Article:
Karen Dennison

Poet and artist


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Review of Counting Rain by Abegail Morley

Counting Rain: Karen Dennison

Karen Dennison won the Indigo Dreams Collection Competition in 2011, and Counting Rain is a strong first collection. According to Helen Ivory her poems “bristle with disquiet and transformation” and I have to agree. At times Dennison’s imagery is astonishing. One moment she shines “a light into memory’s cage, / through its mocking bars” where there is a book “with a mummified cover, cracked like old leather” (Memory’s Cage). Another time she tells us that the moons of Saturn “rise in her fingernails / and the Milky Way swirls in her tea.” (Methods of Madness).

Her eye for detail is acute, the poems so well-honed they are literally breathtaking. In Releasing You Dennison regulates our breathing by carefully chosen words and punctuation:

I wind and wind, feel the pressure build.
The key-hole is empty, its key long lost.

At the end of the above stanza, she startles the reader with “Opening the lid, your eyes are my eyes”. In the final couplet, she returns to the image of the eyes with: “Lowering the lid, I catch your scent, / breathe you in, and out again.” She has perfect control over both the poem and the reader.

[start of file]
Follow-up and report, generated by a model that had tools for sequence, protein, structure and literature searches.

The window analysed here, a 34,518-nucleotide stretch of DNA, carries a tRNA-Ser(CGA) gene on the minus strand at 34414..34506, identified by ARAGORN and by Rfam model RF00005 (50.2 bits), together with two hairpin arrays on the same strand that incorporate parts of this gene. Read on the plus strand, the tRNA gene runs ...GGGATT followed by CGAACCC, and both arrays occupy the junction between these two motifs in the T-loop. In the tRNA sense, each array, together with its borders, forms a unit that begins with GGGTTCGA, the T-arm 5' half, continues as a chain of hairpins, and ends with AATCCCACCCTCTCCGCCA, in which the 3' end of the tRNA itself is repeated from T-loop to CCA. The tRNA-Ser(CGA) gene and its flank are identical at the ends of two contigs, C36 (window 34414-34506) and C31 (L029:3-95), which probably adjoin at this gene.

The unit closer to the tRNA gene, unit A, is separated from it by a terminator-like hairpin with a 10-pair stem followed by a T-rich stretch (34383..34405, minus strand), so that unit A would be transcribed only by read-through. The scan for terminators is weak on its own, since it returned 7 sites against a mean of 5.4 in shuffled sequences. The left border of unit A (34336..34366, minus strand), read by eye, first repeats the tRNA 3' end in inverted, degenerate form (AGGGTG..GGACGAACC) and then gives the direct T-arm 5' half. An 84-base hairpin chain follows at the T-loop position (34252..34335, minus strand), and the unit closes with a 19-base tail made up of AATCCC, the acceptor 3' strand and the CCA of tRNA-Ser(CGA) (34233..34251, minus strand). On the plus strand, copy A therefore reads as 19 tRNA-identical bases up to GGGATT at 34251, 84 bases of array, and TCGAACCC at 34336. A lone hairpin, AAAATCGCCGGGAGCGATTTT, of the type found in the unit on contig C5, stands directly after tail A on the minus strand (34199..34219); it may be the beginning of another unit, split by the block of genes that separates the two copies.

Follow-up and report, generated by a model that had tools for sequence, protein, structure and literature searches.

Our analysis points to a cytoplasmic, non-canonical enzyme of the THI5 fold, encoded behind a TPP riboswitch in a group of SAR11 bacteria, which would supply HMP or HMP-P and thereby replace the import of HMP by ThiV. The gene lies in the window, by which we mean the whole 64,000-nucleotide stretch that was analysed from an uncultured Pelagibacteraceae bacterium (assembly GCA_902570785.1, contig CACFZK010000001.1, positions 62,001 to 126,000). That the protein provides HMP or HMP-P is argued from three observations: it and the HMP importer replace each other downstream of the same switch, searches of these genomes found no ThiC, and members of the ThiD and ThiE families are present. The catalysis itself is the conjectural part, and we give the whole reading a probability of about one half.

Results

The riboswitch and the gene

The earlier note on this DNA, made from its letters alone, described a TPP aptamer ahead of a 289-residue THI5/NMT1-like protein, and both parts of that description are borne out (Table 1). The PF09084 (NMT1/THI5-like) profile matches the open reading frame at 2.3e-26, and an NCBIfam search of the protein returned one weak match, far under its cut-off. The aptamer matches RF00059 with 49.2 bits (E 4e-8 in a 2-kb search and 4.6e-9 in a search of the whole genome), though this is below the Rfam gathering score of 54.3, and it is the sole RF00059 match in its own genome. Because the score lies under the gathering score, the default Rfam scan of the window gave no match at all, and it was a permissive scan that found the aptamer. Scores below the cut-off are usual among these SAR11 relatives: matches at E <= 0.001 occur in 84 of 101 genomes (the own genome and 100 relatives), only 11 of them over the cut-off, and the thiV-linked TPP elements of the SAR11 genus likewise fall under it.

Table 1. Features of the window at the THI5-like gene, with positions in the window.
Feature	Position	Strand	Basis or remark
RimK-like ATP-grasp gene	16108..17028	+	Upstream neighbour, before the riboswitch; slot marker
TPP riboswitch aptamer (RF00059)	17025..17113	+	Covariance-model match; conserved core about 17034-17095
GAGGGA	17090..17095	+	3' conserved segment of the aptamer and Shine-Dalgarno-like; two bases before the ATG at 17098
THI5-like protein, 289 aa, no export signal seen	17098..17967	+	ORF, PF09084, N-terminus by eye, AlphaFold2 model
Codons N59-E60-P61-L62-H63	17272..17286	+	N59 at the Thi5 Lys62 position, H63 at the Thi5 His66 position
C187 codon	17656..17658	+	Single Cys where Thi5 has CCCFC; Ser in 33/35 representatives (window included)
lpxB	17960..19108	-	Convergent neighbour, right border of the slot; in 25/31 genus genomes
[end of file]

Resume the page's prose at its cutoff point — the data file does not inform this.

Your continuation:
This collection grows from birth, with the opening poem, Moon Landing, all the way through life’s rich experiences (explored with clarity of language and strong metaphors) to The Final Room the last poem in the collection:

So this is it – the final room.
Empty shelves line each wall
to store your faded memories.

Sometimes ending like this can feel a little clichéd, wrapping things up too tidily. But it is not the case with this collection – Dennison’s finishes with loops and knots pulled so tightly that she grips the reader right down to the very last word.

Abegail Morley, The New Writer

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